• Plan what you want to say by thinking about it first.  It's often helpful to write down for yourself (as opposed to being reactive and sending out an email or text) what you want to say and, if you have time, sleep on it to see if you feel the same way the next day.   This helps you to clarify for yourself what's bothering you rather than being reactive and sending out an email in anger or upset.  It also helps to prepare you to communicate in a clear way if you're anxious about bringing up your concerns.
  • Bring up your concerns at the beginning of the next session so that you and your therapist will have time to talk about it.  This is a lot more effective than waiting for the end of the session or making a "door knob comment," which is a comment that clients make as they're on their way out of the therapist's office.
  • Try to stay calm while you're telling your therapist what concerns you.  You might feel angry or upset, but if you can remain calm, you're more likely to express yourself clearly so that your therapist can understand what's bothering you.
  • Be open to hearing feedback.  You might feel sure that you're "right" about whatever the problem is, but if you're open and flexible, you might realize that there was a misunderstanding or miscommunication.
  • Recognize that therapists are human and they make mistakes.  Most therapists will acknowledge their mistakes and try to repair the situation.  If your therapy has been going well until now, give your therapist a chance to repair things between you in person--rather than leaving therapy prematurely (see my article: When Clients Leave Therapy Prematurely).
Very often, once misunderstandings are cleared up, the therapeutic relationship improves because you and your therapist got through a difficult patch where you felt uncomfortable.  Not only will you feel better for having expressed yourself in an effective way, but your therapist will understand you better.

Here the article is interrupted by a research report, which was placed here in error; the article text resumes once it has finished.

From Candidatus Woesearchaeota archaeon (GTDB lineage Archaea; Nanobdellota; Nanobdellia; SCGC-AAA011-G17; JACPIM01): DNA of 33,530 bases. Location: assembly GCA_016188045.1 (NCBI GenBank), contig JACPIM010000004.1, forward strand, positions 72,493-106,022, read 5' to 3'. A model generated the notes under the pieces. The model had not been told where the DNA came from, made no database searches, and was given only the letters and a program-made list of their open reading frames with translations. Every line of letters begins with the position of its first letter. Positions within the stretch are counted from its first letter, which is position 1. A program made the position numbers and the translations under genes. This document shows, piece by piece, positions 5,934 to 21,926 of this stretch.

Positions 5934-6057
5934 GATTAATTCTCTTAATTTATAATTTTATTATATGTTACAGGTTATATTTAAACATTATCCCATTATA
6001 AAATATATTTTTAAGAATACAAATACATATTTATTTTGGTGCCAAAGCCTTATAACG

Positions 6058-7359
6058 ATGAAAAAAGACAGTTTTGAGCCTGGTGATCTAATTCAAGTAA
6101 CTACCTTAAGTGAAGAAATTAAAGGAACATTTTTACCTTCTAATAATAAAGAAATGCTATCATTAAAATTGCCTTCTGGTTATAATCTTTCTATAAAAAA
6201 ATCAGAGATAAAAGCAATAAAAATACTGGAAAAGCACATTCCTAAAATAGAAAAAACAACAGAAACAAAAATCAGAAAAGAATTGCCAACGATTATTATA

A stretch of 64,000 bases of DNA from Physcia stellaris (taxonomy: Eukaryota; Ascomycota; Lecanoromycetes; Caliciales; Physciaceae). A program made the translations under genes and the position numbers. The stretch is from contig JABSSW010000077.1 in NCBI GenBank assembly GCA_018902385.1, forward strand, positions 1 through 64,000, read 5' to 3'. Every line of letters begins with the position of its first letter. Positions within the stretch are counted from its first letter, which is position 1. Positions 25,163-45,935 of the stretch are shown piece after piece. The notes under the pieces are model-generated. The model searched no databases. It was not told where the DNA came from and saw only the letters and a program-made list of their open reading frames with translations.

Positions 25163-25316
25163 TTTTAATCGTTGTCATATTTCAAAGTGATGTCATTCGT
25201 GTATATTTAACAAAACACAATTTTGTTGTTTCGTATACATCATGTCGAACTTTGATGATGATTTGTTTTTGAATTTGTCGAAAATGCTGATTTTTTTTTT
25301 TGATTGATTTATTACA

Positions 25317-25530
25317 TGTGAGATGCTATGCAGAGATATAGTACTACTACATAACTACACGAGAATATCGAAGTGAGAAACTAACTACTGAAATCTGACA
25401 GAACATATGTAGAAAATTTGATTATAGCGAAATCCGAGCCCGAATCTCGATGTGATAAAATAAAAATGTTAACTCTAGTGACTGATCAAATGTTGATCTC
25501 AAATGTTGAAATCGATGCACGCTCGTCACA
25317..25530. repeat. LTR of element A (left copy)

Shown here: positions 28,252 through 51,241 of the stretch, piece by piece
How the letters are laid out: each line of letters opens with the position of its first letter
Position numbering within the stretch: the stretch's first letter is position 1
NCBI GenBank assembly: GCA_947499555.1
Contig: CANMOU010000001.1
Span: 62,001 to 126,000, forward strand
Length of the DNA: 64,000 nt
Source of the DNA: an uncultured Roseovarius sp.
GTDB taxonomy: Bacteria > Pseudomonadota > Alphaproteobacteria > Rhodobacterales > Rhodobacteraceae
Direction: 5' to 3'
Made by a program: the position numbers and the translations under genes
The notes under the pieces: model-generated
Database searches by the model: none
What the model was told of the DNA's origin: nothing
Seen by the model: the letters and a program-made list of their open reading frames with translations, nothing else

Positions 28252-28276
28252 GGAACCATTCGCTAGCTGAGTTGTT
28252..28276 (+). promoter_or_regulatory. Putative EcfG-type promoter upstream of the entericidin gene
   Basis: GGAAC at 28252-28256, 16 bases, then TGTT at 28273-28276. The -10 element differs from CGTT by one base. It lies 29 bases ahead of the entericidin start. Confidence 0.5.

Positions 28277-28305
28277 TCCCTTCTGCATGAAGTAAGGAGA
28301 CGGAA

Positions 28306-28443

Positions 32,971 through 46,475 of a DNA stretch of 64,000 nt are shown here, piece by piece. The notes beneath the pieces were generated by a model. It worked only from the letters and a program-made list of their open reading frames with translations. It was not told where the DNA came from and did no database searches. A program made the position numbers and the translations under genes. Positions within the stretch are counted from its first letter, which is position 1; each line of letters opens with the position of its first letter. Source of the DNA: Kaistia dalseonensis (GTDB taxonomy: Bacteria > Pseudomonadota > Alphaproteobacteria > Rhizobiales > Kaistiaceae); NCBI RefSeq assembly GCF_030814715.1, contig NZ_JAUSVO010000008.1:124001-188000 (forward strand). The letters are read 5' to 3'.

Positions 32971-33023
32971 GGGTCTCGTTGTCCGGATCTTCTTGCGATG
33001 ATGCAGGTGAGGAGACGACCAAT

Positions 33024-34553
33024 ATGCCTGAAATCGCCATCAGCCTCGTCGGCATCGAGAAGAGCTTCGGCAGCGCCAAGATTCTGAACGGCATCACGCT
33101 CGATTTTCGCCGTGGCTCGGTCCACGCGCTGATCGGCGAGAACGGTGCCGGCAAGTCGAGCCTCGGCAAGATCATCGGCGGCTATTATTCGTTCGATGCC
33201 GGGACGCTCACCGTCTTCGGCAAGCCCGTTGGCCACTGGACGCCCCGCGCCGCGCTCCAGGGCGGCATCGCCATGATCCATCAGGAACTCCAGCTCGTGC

Learning to Communicate Effectively With Your Therapist
Even if you do end up leaving because you and your therapist turn out not to be a good fit, you'll feel better about yourself for having expressed yourself directly, calmly and maturely.

Getting Help in Therapy
If you've been unable to resolve your problems on your own, you could benefit from working with a licensed psychotherapist who can help you to work through your problems.

It takes time to build a rapport with a psychotherapist and, along the way, there might be times when there are ruptures and a need for repair.  Even though this might feel scary and hard, it's worth the effort to communicate your feelings to your therapist and to do it calmly in person.

About Me
I am a licensed NYC psychotherapist, hypnotherapist, EMDR and Somatic Experiencing therapist who works with individuals and adults.

To find out more about me, visit my website:  Josephine Ferraro, LCSW - NYC Psychotherapist.

To set up a consultation, call me at (212) 726-1006 or email me.

















No comments: